As of May 2006, the U.S. (Vt) had no margarines I'd eat apart from possibly Olivio. 95% of U.S. margarines are toxic with masive omega-6 (soy, corn, sunflower] and hydrogenated trans fats.
teaspoons of flax or fish oil, or 2 tblsp. canola or unhydrogenated soybean oil.
only 2 essential oils -"vitamin F"- are linoleic
(n-6 or omega-6) and alpha-linolenic
(n-3 or omega-3). These 2 polyunsaturates are the feed-stock for 3 classes of
hormones, and for nerve, brain, skin and cell walls (you may want to read that again).
The type you're probably lacking is omega-3, found only in fatty fish (like salmon, mackerel, & sardines), in flax(lin)seed, canola type rape seed (colza), mustard seed, chia, candlenut, wheat germ, some melon seeds, hemp, walnuts and some green leaf veggies. It is also found in unhydrogenated soy and, for the record, in snake oil. [Snakes and cold water fish can't afford stiffness or arthritis in their joints and are therefore full of ultra fluid omega-3 oils.] GOOD FOR: heart, cholesterol, triglycerides, blood fluidity, Crohn's disease, asthma, arthritis, cramps, adult diabetes, brain, MS, & smooth skin.
Omega-3's vital role is compromised by heating and hydrogenation (most soy is), by shortening, by omega-6s and by most saturated fats (but coconut and palm-kernel oils are nutritionally unique with 50% lauric-acid which has immune system roles).
Buy oils in dark containers and keep cool; they will spoil. Rancid omega-3 and -6 are toxic so they're always safer with a capsule or 2 of added vitamin E, the fat antioxidant.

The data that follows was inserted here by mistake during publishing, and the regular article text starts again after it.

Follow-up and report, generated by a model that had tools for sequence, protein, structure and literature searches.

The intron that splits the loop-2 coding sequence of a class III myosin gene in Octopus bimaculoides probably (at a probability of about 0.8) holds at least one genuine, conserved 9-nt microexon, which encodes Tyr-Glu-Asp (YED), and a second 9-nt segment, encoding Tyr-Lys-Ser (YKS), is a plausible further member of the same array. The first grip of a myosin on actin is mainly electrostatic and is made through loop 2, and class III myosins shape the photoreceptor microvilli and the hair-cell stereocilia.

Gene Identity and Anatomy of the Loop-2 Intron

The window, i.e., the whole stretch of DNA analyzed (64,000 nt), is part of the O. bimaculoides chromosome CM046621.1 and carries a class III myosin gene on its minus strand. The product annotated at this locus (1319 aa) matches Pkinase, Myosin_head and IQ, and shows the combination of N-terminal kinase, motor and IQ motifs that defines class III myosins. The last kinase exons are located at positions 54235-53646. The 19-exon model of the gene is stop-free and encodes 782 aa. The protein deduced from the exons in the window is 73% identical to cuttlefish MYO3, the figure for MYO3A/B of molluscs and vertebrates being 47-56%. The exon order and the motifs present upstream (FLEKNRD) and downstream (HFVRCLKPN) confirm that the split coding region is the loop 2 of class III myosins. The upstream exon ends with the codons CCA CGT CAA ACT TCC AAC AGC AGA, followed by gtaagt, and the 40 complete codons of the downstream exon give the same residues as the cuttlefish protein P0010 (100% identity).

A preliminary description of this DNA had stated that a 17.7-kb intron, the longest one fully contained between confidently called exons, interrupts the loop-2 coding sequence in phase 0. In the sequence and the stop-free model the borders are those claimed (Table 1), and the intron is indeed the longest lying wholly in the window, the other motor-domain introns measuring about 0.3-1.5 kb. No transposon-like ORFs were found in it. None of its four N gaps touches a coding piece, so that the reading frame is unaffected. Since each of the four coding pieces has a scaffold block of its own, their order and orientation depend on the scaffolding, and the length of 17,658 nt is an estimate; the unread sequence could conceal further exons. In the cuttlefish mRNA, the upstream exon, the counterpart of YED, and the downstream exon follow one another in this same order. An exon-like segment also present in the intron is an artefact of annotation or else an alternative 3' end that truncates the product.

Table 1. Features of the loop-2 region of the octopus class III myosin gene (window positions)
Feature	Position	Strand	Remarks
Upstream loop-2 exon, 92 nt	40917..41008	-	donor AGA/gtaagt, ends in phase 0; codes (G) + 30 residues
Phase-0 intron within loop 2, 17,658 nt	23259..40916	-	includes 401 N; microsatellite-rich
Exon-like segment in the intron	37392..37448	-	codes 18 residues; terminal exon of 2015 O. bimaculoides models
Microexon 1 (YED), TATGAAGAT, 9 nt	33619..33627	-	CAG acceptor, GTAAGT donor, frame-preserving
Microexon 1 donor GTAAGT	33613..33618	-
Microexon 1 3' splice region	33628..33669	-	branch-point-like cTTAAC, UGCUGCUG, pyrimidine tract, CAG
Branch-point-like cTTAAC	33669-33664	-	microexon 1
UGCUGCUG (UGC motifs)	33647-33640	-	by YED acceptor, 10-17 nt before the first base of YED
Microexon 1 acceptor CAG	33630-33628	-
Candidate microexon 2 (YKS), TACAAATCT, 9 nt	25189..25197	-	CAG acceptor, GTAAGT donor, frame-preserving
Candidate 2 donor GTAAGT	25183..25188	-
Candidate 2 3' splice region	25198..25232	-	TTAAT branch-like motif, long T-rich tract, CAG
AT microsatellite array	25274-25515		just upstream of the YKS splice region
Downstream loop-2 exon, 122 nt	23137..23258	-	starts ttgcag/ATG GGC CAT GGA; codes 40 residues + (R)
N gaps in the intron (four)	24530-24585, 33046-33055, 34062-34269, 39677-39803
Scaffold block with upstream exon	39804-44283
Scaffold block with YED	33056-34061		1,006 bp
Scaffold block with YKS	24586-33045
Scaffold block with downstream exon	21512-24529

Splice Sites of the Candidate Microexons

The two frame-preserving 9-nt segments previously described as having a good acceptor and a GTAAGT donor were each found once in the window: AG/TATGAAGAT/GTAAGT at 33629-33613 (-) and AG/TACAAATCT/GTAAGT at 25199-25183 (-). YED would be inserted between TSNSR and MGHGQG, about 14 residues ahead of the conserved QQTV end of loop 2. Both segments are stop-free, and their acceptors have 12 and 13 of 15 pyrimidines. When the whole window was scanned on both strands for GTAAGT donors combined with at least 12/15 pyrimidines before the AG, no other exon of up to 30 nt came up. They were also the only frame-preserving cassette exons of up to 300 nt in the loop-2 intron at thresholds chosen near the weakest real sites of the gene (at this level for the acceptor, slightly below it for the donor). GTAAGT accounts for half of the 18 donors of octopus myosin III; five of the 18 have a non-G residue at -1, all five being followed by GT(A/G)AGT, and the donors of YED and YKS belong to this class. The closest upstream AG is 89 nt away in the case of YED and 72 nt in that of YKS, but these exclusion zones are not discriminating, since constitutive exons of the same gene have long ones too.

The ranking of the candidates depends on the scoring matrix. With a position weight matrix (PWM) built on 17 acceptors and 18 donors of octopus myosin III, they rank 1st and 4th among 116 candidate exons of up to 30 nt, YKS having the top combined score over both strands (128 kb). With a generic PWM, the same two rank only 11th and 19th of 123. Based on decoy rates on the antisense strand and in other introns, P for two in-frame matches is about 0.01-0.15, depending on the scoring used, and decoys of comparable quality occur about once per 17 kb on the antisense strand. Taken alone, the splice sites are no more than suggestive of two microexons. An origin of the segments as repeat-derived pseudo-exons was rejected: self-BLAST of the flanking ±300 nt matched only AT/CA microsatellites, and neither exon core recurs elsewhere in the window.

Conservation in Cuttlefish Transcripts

DON'T overdose on omega-6 (linoleic) from corn, soy, sunflower, safflower or cottonseed. For frying I'd use butter, virgin olive, tropical (safest) or peanut oil. Virgin olive is a great oil for daily use but has no omega-3. Here's a remarkable canola site, the heart-healthy oil.
amounts reduce heart disease. Red wine
with its flavonoids protects blood cholesterol. Best with foods containing
B vitamins such as liver.* All alcohol raises the "good" cholesterol but
white wine, liquor & factory beer are nutritionally a bit like sugar
or white bread, lacking micronutrients.
* Alcohol + folic acid (a B vitamin) appears to be cardio protective while folic acid may well remove the risk of some cancers (breast) linked to alcohol intake. Less gall stones.
(factory soy based granules)
|1-2 table spoons per day (also in liver, eggs, soy and beans)||Emulsifies fat; improves types of blood fats. It is part of our nerves & brain; forms choline (makes neuro-transmitter) and betaine (lowers homocysteine). Health food store granules have nice fatty flavor. Refrigerate.|
|Meats||Not essential. Some factory animal farming is ecologically, morally and nutritionally iffy||As fresh as possible. Aging, drying and over-frying damages or oxidizes fats and cholesterol. Such damaged fats make the basically good LDL go "bad", and are best limited. Aging softens muscle from beef. Other meats are almost never 'aged'. Fish evidently never is -because of its fast spoiling -smelly- omega-3 content!|
|Water||Lots -within reason||Keeps things fluid & may cut bladder cancer by ½.   Jan. 24 2012|